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WA introduces high-tech driving simulator

Driving simulator

Researchers at the University of Western Australia have received state government funding into a new advanced driving simulator. It aims to make the roads of WA safer by giving drivers the chance to experience being behind the wheel under all kinds of conditions in a safe testing environment.

The simulator will be based at the UWA’s Western Australian Centre for Road Safety Research, which the university says will be the only one of its kind in the world.

It has been jointly funded by the Road Safety Commission ($450,000), Main Roads WA ($160,000) and UWA ($100,000).

State transport minister Rita Saffioti says it will be a unique but forward-thinking step into making WA’s roads safer for all who use them.

“We are investing more than a billion dollars in key road safety initiatives like the Regional Road Safety Program, but funding new technology is another way we can help to reduce the number of people killed and seriously injured on our roads,” she says.

“This technology will help us to better plan our road network by allowing us to test new designs in a simulated environment.

“Testing new road initiatives before they are implemented will save both time and money, enabling us to mitigate risks and cost effectively utilise our resources to make Western Australian roads safer and more efficient.”

UWA says the simulator will offer a safe testing environment to research:

  • testing new road layouts;
  • assessing driver distraction from roadside advertising;
  • studying at risk groups such as young and older drivers; and
  • testing the impact of the use of drugs, fatigue, and alcohol on driving skills.

It will allow not just road safety researchers to glean new information, but also provide opportunities for collaboration across multiple disciplines including engineering, ophthalmology, psychology, physiology and mathematics.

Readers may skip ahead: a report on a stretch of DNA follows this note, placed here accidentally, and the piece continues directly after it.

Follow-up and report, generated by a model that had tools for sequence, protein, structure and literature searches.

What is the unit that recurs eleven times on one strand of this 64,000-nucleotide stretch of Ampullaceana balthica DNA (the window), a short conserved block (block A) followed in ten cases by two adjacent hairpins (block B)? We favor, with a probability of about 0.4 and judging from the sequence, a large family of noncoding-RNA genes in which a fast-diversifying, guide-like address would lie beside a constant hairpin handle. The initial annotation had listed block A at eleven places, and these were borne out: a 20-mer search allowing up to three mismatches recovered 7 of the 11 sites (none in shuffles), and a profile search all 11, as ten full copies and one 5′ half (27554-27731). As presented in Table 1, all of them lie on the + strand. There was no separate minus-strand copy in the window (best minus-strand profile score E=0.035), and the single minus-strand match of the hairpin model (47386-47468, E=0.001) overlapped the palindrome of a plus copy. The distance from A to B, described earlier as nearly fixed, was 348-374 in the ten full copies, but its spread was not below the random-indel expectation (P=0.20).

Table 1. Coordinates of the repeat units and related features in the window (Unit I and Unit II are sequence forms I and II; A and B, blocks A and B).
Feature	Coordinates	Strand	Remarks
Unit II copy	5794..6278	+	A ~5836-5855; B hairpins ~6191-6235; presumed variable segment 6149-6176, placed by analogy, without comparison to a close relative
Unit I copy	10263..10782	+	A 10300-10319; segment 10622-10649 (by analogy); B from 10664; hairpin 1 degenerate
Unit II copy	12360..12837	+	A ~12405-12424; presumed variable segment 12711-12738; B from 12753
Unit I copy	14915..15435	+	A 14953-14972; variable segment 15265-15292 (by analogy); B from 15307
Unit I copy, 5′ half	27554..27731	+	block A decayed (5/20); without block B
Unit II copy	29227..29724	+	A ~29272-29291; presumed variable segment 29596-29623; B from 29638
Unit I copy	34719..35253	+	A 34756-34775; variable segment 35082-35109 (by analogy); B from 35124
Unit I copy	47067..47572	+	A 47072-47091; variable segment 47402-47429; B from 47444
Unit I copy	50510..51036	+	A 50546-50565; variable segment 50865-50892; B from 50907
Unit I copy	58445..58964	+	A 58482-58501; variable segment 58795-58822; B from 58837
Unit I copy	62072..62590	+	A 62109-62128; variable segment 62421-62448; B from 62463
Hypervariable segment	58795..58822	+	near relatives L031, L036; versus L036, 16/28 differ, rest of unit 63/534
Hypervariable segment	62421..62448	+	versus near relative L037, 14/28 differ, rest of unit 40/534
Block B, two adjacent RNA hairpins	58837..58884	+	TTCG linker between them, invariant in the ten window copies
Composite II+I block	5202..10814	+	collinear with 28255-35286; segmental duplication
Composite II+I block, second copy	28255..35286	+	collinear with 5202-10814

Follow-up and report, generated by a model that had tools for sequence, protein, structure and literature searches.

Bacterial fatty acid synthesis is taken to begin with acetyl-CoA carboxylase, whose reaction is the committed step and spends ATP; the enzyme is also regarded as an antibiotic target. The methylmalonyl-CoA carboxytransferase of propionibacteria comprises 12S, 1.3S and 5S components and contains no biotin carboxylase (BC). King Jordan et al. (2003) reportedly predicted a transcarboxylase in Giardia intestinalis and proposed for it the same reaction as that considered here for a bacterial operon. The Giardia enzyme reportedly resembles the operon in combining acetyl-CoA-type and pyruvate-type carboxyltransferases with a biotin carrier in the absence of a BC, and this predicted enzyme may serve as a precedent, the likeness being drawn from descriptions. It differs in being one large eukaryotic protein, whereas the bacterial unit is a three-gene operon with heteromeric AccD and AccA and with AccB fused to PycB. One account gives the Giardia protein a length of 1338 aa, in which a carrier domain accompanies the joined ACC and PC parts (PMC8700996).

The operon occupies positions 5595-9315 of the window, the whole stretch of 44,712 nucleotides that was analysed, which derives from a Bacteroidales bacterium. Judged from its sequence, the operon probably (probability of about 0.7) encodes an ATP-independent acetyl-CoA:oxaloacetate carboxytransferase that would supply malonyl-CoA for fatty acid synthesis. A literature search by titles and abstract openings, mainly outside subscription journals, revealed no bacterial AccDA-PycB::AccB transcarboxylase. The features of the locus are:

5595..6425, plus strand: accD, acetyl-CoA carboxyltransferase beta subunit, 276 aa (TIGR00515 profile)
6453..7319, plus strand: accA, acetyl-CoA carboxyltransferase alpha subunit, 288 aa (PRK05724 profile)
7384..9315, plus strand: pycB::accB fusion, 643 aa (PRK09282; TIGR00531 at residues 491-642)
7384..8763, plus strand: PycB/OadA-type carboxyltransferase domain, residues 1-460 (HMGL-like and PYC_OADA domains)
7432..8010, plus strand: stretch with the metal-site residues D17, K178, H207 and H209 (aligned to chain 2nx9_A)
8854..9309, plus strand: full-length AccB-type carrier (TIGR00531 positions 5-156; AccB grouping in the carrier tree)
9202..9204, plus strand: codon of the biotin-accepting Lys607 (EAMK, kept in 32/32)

Road safety minister David Michael says that there is always more that can be done to make Australia’s roads safer, and this project presents a unique opportunity.

“Reducing trauma on our roads requires a sophisticated mix of initiatives including better roads and road layouts, safer cars, and changing driver behaviour,” he says.

“The Road Safety Commission takes a research-based approach to tackling these issues and this is why we have partnered with UWA’s Road Safety Research Centre.

“I believe this technology has the potential to make a real difference to long term positive road safety outcomes in Western Australia.”

The simulator will be able to give drivers a number of conditions to try and perform under, and will provide researchers with:

  • Adaptability – controlling and manipulating input variables such as behaviour of virtual traffic and pedestrians, weather conditions, and road design;
  • Repeatability and standardisation – participants can drive under exactly the same conditions;
  • Ease of data collection – accurate and efficient measuring of driving performance; and
  • Safety – safe environments free from crash risk and physical harm allowing drivers to be exposed to hazardous situations in a systematic way, which can be difficult to study in a natural driving environment.
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